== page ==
My neighbor across the snacks counter in 2-B asked him something and the steward pulled a dark blue box from the niche behind his seat. My seat had an identical niche with the identical dark blue box with a black zipper belting the middle. I investigated. My, my. The zipper made such a well-bred, obsequious sound as it separated to reveal a vault of treasures. Eye mask, lip balm, mouthwash, toothbrush and paste, tissues, lotion, and socks. Socks. How did they know I was out of clean ones? I was meant to take it, right, so when I walked off the plane I wouldn’t be a common thief, right? It didn’t matter. I was going to stuff it in my suitcase no matter what, everything inside completely intact. I thought of my mess kit, a slumped affair that used to belong to my father. If I was scouting for metaphors I might find one here: know a man by his mess kit. I even thought about collecting the ones my cabin mates left behind when the flight ended, if there were any, and I could do so in a very dignified manner.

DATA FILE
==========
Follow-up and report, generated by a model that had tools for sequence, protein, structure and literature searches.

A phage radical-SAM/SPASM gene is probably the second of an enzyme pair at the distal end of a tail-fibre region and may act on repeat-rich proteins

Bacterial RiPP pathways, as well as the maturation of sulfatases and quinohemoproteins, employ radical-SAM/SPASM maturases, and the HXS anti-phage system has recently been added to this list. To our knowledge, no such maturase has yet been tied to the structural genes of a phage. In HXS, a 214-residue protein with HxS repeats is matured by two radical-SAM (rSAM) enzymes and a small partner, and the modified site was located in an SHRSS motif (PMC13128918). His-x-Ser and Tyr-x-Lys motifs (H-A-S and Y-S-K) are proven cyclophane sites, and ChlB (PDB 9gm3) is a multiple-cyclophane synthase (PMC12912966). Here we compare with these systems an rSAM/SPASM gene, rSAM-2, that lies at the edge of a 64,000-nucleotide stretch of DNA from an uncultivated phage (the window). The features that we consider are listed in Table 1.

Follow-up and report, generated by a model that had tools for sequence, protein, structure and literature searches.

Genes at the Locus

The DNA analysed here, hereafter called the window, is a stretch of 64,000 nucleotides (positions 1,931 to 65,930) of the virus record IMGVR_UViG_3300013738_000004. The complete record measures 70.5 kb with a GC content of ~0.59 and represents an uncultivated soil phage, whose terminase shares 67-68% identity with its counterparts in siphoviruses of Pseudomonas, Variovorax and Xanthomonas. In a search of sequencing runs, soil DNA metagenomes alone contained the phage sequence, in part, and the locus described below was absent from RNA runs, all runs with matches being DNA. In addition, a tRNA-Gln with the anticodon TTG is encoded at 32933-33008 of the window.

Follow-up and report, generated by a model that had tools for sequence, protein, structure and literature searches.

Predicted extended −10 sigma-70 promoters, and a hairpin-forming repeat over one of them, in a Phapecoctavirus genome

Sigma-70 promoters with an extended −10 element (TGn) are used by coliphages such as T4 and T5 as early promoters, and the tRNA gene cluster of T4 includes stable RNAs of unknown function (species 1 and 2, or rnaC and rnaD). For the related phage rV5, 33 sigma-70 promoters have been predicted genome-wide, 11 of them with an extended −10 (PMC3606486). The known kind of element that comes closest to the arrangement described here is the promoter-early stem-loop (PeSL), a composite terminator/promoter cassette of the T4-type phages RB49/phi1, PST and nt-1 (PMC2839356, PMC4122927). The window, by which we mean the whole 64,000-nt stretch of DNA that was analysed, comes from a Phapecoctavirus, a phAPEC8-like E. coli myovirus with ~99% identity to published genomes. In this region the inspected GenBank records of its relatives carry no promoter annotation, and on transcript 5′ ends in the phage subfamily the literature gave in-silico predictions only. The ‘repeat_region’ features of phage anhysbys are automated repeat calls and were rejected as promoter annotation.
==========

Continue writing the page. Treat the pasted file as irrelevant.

My steward saw me looking around and pointed toward the front of the cabin. The loo. He was prescient. All those liquids. It was empty, and turned out to be an ordinary airplane loo with a flush that could suck the tattoos right off your skin. No jacuzzi that I noticed.

I didn’t intend to make myself a complete nuisance to 2-B so I abstained from further imbibing, except for one final cup of coffee. It was good coffee, served with milk my steward brought in a pitcher so I could pour it myself. Accompanied by a biscotto.